Cultural issues in the workplace have been a hot topic for many years. They are more than just demographics and cannot always be detected right away. Even though team members may be from the same office or a similar location, each one has their own unique culture and following. It is important to embrace these differences and acknowledge the cultural issues that may be present. This can help the team build successful relationships with each other and prove more productive in the long run.
Respect and Embrace Differences
Diversity among a group is always a good thing, but under the wrong impressions it can ruin any team. Whether the difference is a type of culture, political opinions, or simply a difference in background, all these factors can change how a person interacts with another person and what kind of view they have. When team members are diverse, it can keep the team from thinking on one path and stop the ‘one track mind’. It opens teammates up to new ideas and points of view, which in turn can create new concepts for projects and assignments. Together, they can learn to not only respect their differences among each other, but embrace them to create a whole new work style.
Be Aware of Different Work Styles
Sometimes different work styles on a team can be a good thing because they allow each employee to think on their own and work within a design that works best for them. Other times, it can be a real source of trouble if not properly addressed. Some employees may prefer to work alone even though they are needed on a team project. One employee may be a procrastinator and wait until the last minute to complete their assignment. The key is to learn to be flexible with one another and adjust how you approach each other. No two people work the same way, so any team, especially a virtual one, will need time to adjust to one another and learn what makes the other team member work so hard. When we know how they function, we can work in sync with them without a hitch…most of the time!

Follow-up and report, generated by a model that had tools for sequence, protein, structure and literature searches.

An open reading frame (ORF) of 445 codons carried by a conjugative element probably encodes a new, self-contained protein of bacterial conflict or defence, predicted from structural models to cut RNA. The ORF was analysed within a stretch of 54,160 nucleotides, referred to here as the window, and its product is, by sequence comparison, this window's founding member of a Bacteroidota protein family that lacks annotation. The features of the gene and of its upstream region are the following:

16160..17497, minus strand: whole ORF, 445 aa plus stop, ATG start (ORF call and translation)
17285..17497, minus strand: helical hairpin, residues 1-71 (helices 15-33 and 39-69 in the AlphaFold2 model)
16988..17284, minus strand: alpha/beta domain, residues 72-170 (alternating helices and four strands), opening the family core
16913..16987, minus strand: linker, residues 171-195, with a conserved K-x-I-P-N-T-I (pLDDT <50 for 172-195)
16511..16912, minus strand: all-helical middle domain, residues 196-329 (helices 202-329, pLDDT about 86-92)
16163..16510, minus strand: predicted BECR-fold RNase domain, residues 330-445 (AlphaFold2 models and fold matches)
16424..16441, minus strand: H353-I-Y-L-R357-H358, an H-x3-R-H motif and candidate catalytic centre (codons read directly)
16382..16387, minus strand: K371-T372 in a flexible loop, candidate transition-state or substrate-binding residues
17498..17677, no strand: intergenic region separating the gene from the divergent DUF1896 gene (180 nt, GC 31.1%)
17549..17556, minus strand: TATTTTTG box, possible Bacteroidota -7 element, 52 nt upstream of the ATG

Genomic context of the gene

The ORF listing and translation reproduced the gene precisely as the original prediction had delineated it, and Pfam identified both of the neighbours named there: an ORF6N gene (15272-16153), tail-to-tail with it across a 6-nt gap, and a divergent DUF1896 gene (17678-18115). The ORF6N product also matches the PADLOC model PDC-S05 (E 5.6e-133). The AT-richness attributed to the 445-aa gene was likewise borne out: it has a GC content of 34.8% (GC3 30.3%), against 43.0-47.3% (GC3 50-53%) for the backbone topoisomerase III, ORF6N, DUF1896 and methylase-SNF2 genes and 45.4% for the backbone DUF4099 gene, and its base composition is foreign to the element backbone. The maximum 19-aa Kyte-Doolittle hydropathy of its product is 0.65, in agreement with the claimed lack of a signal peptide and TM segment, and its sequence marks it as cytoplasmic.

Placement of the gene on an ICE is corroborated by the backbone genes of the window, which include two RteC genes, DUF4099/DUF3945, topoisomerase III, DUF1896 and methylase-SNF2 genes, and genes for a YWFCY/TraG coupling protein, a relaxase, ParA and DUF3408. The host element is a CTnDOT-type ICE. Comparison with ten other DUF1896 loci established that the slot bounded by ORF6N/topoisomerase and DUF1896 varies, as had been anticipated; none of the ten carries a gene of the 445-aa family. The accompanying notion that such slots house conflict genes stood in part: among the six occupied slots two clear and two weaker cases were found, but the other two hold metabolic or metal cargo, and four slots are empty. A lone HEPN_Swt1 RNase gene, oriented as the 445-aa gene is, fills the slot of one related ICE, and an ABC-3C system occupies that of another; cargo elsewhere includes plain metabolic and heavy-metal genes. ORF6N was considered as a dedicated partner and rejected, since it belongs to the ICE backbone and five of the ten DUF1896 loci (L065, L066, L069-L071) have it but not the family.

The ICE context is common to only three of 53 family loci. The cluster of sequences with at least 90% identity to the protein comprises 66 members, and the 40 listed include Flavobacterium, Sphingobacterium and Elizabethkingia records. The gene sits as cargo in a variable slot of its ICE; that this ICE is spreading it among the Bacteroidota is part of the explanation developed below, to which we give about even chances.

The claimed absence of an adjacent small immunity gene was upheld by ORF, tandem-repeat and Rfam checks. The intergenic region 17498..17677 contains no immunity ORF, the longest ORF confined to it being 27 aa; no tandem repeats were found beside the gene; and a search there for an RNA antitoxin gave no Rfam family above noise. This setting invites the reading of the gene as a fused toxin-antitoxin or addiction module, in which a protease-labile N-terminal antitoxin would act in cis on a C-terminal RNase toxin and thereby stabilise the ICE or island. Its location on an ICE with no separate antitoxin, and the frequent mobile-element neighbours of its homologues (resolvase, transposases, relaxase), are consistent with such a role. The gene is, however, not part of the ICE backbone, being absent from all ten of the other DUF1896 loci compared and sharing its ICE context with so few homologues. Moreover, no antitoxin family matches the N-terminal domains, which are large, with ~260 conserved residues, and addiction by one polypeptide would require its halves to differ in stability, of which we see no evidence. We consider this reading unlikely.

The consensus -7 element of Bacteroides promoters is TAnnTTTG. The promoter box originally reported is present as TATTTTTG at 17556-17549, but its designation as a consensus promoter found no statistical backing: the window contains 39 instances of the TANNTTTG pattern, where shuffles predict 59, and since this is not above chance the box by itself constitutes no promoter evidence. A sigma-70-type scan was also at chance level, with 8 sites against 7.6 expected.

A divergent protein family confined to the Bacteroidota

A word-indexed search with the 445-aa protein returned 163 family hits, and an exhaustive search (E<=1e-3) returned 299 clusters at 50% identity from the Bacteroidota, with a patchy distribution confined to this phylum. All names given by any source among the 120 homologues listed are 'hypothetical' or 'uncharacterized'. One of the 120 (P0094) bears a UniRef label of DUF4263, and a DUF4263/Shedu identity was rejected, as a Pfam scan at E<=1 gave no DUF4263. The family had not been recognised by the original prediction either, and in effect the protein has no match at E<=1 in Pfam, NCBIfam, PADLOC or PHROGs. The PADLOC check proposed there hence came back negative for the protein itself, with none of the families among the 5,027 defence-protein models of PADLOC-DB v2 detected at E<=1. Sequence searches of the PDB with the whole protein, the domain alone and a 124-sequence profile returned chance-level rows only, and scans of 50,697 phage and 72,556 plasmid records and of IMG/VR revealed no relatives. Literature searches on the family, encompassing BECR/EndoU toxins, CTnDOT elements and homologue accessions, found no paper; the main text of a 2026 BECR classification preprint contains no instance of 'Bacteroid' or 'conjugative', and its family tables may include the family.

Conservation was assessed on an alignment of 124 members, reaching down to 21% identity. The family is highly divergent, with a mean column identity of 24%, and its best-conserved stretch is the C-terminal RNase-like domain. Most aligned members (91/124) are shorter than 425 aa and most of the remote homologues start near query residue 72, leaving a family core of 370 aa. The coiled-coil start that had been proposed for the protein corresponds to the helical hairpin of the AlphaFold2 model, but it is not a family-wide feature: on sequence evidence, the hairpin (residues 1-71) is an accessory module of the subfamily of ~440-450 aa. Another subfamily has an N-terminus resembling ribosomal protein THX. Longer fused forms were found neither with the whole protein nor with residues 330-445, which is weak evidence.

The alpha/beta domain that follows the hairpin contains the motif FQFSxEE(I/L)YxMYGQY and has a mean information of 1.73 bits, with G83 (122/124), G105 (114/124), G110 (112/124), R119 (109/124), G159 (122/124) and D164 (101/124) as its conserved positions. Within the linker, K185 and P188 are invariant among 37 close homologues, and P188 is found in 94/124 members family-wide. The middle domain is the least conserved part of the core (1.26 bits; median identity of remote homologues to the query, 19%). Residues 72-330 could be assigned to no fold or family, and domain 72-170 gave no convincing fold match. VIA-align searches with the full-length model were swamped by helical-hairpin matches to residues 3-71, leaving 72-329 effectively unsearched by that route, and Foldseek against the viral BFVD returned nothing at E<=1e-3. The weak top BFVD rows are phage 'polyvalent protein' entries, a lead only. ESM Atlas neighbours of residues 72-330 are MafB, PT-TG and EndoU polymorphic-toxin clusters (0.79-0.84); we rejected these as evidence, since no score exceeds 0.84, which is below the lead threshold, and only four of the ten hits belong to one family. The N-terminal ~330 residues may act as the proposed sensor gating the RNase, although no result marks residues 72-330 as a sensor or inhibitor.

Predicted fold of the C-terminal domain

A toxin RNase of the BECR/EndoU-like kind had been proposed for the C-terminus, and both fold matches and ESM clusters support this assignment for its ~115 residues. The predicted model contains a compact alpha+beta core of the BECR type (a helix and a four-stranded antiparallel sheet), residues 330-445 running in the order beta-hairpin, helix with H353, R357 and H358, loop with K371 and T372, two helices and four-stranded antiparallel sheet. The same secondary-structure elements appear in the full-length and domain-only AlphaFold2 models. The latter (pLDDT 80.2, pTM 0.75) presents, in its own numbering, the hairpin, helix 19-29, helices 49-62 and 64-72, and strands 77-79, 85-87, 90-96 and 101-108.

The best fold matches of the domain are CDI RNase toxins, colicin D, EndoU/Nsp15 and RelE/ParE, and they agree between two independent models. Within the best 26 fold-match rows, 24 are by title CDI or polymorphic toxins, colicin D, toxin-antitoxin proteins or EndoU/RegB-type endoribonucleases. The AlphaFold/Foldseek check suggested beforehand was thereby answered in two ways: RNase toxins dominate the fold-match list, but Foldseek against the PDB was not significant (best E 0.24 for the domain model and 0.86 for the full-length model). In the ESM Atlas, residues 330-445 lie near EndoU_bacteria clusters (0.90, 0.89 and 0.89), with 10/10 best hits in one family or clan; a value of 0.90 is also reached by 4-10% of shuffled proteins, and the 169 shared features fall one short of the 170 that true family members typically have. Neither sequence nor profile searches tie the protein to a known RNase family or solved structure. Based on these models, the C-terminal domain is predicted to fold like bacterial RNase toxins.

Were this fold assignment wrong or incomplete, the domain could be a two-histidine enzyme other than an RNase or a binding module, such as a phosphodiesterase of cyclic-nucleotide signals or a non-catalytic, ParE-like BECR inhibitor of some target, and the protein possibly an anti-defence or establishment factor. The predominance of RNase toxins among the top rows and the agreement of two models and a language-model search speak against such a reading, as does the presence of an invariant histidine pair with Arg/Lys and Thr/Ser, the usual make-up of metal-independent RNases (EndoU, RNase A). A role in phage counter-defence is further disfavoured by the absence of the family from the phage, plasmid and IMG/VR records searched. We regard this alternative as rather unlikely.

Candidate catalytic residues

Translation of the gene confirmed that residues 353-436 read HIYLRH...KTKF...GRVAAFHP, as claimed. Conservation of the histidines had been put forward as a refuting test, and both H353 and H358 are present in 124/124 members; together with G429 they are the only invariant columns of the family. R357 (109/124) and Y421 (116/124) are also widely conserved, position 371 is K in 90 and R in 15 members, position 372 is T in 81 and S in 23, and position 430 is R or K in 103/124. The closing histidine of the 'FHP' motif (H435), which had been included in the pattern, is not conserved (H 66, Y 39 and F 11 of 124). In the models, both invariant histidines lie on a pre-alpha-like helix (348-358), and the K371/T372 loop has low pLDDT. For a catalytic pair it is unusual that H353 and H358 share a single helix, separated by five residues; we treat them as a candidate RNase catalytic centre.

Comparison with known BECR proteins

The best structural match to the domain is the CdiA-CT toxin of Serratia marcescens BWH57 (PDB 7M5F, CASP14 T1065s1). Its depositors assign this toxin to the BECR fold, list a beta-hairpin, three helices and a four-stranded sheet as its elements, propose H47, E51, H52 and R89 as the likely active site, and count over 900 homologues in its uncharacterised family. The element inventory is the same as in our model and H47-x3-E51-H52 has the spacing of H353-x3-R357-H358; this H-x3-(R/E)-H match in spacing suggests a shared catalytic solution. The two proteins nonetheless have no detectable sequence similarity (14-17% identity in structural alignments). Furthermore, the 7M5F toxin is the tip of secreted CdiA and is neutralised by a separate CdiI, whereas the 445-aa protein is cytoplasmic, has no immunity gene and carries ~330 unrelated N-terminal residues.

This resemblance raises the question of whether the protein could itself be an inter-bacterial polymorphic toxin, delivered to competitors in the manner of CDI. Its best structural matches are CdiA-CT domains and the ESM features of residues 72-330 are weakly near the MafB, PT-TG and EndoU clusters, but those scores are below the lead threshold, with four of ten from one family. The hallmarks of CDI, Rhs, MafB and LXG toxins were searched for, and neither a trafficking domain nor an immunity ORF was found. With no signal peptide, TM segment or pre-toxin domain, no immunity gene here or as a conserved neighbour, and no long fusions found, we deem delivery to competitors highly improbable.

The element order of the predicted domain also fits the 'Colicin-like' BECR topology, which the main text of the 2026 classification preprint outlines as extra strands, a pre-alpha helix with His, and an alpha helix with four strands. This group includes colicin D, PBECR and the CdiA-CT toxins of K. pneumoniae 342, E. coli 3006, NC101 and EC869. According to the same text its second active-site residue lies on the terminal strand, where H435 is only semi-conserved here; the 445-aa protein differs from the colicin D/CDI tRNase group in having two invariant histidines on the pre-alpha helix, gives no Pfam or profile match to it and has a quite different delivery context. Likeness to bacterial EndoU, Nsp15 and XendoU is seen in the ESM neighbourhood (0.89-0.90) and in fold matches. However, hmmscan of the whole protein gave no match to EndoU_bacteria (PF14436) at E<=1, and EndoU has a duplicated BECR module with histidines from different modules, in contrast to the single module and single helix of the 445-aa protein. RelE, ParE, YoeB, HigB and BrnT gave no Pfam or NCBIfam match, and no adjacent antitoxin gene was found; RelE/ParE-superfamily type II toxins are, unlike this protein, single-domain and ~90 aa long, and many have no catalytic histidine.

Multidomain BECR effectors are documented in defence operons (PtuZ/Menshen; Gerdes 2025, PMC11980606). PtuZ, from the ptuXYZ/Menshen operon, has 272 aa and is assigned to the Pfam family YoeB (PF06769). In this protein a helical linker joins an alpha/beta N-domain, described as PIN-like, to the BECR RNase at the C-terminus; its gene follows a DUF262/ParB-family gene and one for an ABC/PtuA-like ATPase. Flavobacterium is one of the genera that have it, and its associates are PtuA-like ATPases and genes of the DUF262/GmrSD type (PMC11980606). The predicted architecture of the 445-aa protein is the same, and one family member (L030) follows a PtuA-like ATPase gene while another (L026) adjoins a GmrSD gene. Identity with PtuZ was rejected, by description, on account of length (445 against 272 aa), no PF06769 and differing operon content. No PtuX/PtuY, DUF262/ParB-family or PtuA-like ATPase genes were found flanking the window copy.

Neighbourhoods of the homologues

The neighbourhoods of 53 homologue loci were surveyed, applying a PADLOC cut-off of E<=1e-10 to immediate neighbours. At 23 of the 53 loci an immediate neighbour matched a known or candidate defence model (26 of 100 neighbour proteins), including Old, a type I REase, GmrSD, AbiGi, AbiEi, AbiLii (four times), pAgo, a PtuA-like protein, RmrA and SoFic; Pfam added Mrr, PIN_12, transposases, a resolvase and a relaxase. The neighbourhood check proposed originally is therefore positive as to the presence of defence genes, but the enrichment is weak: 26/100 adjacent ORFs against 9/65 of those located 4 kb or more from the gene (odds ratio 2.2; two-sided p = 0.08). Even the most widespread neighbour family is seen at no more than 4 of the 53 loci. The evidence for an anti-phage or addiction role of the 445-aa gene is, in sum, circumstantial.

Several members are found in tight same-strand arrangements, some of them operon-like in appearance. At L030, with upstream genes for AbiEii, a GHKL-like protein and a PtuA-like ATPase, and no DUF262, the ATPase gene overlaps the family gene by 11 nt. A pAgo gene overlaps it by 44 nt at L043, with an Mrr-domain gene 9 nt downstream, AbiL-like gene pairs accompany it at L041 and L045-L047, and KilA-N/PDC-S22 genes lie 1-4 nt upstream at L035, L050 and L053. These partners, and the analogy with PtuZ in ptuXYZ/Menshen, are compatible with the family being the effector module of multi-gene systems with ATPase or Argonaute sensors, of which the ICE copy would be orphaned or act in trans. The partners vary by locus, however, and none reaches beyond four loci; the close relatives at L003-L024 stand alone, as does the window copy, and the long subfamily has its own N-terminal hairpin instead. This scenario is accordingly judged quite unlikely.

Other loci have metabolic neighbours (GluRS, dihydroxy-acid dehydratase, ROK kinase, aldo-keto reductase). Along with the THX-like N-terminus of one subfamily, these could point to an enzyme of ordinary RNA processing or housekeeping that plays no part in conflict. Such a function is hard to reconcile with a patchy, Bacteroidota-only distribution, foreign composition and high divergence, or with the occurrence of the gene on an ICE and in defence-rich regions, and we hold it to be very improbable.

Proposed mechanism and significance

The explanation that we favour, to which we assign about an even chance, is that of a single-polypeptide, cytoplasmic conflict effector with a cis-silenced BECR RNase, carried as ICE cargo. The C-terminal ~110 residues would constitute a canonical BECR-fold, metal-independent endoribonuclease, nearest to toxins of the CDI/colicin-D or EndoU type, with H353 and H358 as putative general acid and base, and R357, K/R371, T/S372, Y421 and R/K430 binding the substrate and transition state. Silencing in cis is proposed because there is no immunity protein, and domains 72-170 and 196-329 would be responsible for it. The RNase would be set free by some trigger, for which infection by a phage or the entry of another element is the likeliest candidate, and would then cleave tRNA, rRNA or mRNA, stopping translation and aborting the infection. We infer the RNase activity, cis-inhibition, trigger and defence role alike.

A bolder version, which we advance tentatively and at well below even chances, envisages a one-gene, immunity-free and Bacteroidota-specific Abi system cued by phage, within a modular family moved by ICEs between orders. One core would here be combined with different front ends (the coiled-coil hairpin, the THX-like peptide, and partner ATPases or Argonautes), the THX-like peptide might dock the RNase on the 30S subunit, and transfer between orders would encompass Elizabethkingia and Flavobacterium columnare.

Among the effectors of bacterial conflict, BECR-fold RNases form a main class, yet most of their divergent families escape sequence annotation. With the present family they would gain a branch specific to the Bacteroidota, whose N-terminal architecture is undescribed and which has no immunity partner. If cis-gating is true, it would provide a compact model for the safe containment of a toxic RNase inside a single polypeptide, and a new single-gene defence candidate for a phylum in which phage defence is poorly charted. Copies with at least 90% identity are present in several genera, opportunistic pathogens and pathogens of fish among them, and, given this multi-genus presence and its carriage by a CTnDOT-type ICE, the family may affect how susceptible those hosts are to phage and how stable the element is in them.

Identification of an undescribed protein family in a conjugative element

Know Your Team Members Cultural Background
On a virtual team, it can be hard to get to know your teammates personally since you are so limited in communication and socialization. Even if the members meet during some sort of meeting or conference, it can be hard to acknowledge a person’s cultural background. Some companies have an employee fill out a personal profile that can be shared with other employees, which allows them to better know the person even though they are not in the same office. When we can better understand a person’s cultural background, we can better understand why they do some of the things they do and can make them feel more comfortable on your team.
Provide an “All About Me” survey to gather information about employees
Some information can remain private if desired, such as religion or political views
Acknowledge cultural instances, such as holidays and rituals
Dealing with Stereotypes
Stereotypes can ruin any team relationship or bond. The sweeping generalization a stereotype can cause people to become confused or view people in a negative light, even if it was unprovoked. Knowledge and understanding are the only tools we can use to deal with stereotypes. Get to know your employees and encourage them to get to know their coworkers. Learn more about the employee as a whole person instead of what their cultural background may have been labeled as. Through observation and interaction, the chances of anyone creating or following stereotypes in the virtual team decreases and employees are able to focus on the task at hand, and not each other.